A disproportionately high number of allegations of bullying in emergency services and other high stress environments have led to a referral to the NSW parliament for an inquiry in May 2017, looking at the policy response to bullying, harassment, and discrimination in certain emergency services. A review is also being conducted by the Victorian Equal Opportunity and Human Rights Commission of allegations of bullying and harassment into the MFB and CFA.
The very nature of the tasks undertaken in these workplaces understandably provokes a variety of extreme responses in both senior and lower-level staff. A combination of observed trauma, time-critical demands and associated spikes in adrenaline for individual professionals can lead to tense communication and decision-making.
It is essential that Human Resource (HR) managers take an objective approach towards all issues raised by the parties when allegations of bullying in emergency services arise.
In many cases, a well-planned workplace investigation will mark the difference between costly repercussions and an efficient resolution of issues within these high stress environments.
Incidents of workplace bullying are on rise across Australian emergency contexts. A 2017 report on emergency departments highlighted the deplorable extent of workplace bullying reported amongst emergency doctors. Shaming, verbal abuse and sexual harassment were just some of the parlous behaviours reported by 1/3 of survey participants.
Similarly, NSW has announced that the extent of workplace bullying within emergency services now requires a dedicated investigation. There are indications that the hierarchical nature of these services leads to the depersonalised treatment of personnel involved.
Submissions for the NSW Parliament inquiry closed in July, with hearings scheduled for September - October 2017. During the inquiry, police, ambulance and fire services will each be scrutinised in relation to allegations of bullying and the troubling aftershocks that can accompany such incidents.
The importance of HR departments in recognising and dealing promptly with allegations of workplace bullying in emergency services cannot be overstated.
As part of this focus, it is essential that any workplace investigation into alleged bullying be carried out in a professional and objective manner. Moreover, important decisions need to be made about an organisation's capacity to conduct an investigation that complies with the demands of procedural fairness.
In some matters that are likely to prove particularly complex or sensitive it might be preferable to source the expertise of a trained workplace investigator.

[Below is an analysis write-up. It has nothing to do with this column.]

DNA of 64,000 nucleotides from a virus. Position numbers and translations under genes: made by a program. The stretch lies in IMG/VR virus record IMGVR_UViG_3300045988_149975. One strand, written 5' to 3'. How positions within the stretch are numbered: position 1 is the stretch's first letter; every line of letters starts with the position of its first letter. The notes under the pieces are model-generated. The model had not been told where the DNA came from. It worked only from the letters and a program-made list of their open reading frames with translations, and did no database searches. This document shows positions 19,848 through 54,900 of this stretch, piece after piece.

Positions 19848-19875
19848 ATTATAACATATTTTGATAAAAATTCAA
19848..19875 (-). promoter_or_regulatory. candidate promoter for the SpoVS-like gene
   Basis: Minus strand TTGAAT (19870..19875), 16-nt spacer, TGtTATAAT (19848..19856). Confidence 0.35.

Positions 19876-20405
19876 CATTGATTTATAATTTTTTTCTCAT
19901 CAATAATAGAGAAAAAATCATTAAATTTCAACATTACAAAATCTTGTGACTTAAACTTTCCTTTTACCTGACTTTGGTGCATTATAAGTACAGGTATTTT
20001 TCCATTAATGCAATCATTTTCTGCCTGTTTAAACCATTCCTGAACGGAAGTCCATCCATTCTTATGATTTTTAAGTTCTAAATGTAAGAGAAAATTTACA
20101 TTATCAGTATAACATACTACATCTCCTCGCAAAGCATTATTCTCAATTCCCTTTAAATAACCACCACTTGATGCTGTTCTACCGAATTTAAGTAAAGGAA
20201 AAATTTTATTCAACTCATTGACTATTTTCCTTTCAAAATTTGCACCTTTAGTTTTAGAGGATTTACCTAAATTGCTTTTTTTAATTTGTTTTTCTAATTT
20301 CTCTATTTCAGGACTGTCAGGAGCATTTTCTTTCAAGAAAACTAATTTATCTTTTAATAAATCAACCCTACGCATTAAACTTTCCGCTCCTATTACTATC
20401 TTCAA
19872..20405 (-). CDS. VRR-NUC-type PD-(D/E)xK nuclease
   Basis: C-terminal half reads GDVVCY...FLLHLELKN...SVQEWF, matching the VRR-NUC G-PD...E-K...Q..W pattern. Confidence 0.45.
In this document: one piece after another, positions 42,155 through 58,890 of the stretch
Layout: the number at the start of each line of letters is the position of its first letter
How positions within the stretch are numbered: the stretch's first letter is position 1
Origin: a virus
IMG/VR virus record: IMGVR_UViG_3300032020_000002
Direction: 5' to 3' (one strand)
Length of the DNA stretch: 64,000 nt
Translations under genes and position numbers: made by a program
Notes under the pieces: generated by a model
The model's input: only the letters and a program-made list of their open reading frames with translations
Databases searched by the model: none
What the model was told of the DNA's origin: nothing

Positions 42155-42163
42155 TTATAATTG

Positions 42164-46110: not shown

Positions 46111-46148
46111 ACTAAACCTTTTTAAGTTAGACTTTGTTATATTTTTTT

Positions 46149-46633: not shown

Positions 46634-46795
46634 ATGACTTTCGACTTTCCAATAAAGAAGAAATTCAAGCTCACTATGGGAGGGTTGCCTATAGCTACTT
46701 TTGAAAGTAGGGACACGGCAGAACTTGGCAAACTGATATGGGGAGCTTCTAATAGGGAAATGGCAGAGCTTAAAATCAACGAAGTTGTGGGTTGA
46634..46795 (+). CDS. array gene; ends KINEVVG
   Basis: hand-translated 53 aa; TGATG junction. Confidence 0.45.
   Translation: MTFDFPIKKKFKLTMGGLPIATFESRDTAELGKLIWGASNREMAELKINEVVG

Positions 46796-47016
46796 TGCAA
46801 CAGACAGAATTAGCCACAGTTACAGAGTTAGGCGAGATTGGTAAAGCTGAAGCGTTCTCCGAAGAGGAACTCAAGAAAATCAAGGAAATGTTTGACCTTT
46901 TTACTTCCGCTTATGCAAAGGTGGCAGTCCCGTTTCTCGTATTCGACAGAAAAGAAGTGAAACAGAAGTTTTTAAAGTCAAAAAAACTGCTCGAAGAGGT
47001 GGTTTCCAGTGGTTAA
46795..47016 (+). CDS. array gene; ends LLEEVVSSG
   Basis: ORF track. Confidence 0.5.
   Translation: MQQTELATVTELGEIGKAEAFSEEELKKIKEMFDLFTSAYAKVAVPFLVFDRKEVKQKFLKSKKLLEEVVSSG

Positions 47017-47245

If HR managers can find prompt and accurate answers to these questions, any future costs of workplace disputes are likely to be mitigated.
Unfortunately, even a workplace investigation, if carried out without careful preparation and execution can be entirely unproductive - or even a costly blow to the organisation. At times, employers can underestimate their own lack of objectivity during investigations of workplace bullying. Unlike many workplace procedures, knowing the people involved can actually prove a hindrance to workplace investigations. The ability to see things in a truly fresh and clear manner is crucial to investigations; and sometimes hard to muster if preconceptions exist.
Some employers are fortunate enough to have within their ranks staff that are fully trained in the nuances of workplace bullying allegations and the right way to conduct workplace investigations. When carried out correctly, an in-house investigation can do all that is necessary to produce a fair and accurate investigation report.
Yet if any doubt remains about the potential bias, pre-judgement or lack of resources within the organisation, then an external workplace investigation will pay dividends. If an investigation has fatal flaws that are later picked up in official proceedings, then employers will find themselves in an unenviable position.
In a recent Federal Court matter, Justice North made a piercing analysis of the deficiencies in one organisation's methods of investigation. Victoria's Royal Women's Hospital conducted a workplace investigation into the alleged contribution made by a neonatologist to the deaths of two infants. His Honour explained that the deficiencies within the investigation report were significant. Vague allegations against the worker and the lack of specifics concerning event, time and place led to a report that was devilled by 'apparent holes' as well as 'pollution' from fraught relationships.
The case highlights the importance of gaining true objectivity from the situation whenever a workplace investigation is undertaken.
Employers understand that when allegations of workplace bullying arise it becomes essential to keep the elements of procedural fairness front-and-centre. HR and senior management must make fast and accurate decisions about how and when to activate a workplace investigation.
Considering the disproportionately high number of allegations of workplace bullying in emergency services, it is hoped that good decisions are made around the best way to investigate these troubling situations.
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